If you are unsure how to do this, ask the Holy Spirit and give yourself to more rigorous Biblical reflection on the New Testament with your leadership team. The Holy Spirit specialises in granting wisdom for how the church is established and as we submit ourselves to the scriptures He will guide you in these uncertain but full-of-opportunity days! Ephesians 3:8-10 reminds us God grants those who are called to lead and serve His church a ‘mysterious’ wisdom in the administration (or planning /‘architecting’) of the ‘household of faith.’ Look to Him. He’s been waiting for a chance for us to put down the church growth books, break the clergy-laity divide, surrender whole-heartedly to His leading and pick up the New Testament again – it’s all in there! Also be aware of who God has placed in your church body; doubtless there are many mature people who haven’t yet been empowered, equipped, and challenged to lead and disciple others. Maybe now is the chance to deploy them into service – take a risk, call them into action alongside you and go for it! A new wineskin built on the reality of the priesthood of all believers, the gifts of the Holy Spirit in the radical servanthood of the Spirit of Jesus.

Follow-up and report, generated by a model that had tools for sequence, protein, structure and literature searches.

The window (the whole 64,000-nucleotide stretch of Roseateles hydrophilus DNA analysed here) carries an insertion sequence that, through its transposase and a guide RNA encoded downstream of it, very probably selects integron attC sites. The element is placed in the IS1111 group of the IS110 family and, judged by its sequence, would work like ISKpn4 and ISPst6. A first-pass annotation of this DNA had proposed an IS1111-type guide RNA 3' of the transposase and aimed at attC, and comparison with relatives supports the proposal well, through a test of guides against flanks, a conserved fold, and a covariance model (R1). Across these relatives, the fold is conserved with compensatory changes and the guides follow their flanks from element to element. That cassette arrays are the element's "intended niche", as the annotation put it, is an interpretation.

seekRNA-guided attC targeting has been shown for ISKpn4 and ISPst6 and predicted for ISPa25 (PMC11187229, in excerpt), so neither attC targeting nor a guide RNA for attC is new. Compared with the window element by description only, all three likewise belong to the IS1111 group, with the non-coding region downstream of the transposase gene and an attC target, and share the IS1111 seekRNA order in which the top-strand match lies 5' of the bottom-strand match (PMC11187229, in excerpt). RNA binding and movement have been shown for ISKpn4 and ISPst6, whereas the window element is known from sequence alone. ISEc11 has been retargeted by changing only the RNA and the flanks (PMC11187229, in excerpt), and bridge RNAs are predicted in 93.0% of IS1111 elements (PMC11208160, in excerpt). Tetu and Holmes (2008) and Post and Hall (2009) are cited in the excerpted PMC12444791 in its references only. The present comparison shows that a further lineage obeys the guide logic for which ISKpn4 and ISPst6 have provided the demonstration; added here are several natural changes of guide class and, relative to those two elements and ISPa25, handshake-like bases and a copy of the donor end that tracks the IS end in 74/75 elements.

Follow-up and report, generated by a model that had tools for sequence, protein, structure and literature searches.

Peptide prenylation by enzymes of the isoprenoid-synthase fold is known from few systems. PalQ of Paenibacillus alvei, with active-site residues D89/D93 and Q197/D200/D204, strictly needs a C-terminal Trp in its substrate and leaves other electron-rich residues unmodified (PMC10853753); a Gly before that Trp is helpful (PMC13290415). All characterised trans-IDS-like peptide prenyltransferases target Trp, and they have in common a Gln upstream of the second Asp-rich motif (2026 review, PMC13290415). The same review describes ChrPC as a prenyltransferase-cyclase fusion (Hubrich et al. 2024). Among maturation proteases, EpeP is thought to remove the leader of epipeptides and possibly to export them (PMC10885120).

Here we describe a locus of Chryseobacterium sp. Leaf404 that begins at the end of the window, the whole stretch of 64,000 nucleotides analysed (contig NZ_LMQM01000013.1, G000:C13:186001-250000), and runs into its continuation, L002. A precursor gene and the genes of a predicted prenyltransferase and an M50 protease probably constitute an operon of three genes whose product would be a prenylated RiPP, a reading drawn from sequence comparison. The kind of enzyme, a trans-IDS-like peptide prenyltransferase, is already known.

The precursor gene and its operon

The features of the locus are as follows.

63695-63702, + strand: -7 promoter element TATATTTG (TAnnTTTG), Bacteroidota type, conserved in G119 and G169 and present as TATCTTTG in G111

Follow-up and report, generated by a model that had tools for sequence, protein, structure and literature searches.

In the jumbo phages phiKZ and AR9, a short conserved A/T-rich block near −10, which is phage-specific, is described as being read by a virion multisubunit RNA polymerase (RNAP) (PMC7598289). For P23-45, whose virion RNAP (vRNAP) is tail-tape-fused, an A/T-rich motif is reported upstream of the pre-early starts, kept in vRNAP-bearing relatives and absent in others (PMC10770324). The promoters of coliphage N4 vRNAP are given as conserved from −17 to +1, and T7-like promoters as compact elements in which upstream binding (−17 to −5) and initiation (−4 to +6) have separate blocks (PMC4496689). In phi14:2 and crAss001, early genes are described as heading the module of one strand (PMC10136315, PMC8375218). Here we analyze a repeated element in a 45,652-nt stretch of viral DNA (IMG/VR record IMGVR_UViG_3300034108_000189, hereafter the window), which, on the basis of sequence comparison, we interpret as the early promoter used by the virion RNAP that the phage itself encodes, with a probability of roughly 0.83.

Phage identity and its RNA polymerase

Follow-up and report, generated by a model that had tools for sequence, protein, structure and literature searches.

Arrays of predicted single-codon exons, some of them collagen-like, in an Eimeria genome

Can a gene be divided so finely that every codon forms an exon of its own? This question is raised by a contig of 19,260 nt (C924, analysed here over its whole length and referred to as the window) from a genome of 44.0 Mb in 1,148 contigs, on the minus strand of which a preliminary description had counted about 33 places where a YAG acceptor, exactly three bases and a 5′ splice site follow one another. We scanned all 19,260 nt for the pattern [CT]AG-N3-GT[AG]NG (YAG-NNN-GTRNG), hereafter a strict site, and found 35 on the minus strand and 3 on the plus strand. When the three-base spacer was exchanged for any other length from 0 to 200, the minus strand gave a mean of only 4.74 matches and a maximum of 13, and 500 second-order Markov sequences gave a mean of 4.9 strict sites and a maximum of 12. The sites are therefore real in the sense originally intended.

Maybe this is our reformation?
 Stanley Hauerwas and William H Willimon, The Holy Spirit (Abingdon, 2015).
 John Finny, Recovering the Past (Celtic and Roman Mission), (Darton,Longman & Todd, 2013)
 Karl Barth, Church Dogmatics v. 4: The Doctrine of Reconciliation. eds. Geoffrey William Bromiley and Thomas Forsyth Torrance (Edinburgh T. & T. Clark, 1958-1962), 614.
I’m Alain Emerson and I live in Northern Ireland where I help lead Emmanuel Church and also provide leadership for 24-7 Prayer in Ireland. I have the privilege of teaching at WTC on the module, ‘Shapes of the Church: Past, Present and Future,’ which is part of the Church Planting and Leadership Programme. As someone who has grown up in the
church and found myself in church leadership most of my adult life, I have a passion to see the body of Christ become all it was destined to be. I am fascinated by the many shapes of the church which have emerged throughout the centuries and the current
conversation. This has informed and inspired my own practice as a church leader, church planter and overseer over a network of churches. During these unique Covid days, I am convinced the Spirit is giving us an opportunity to reform many of our structures and patterns and yet the theological framework upon which we establish this is of utmost importance. This is a small contribution to the on-going conversation.
We offer programmes in ‘Kingdom Theology’ because at the heart of our study is the belief that Jesus came proclaiming the good news of the Kingdom of God. Through his life, death, and resurrection, he has brought the reality of the Kingdom to this world.
Find out more about WTC Programmes HERE.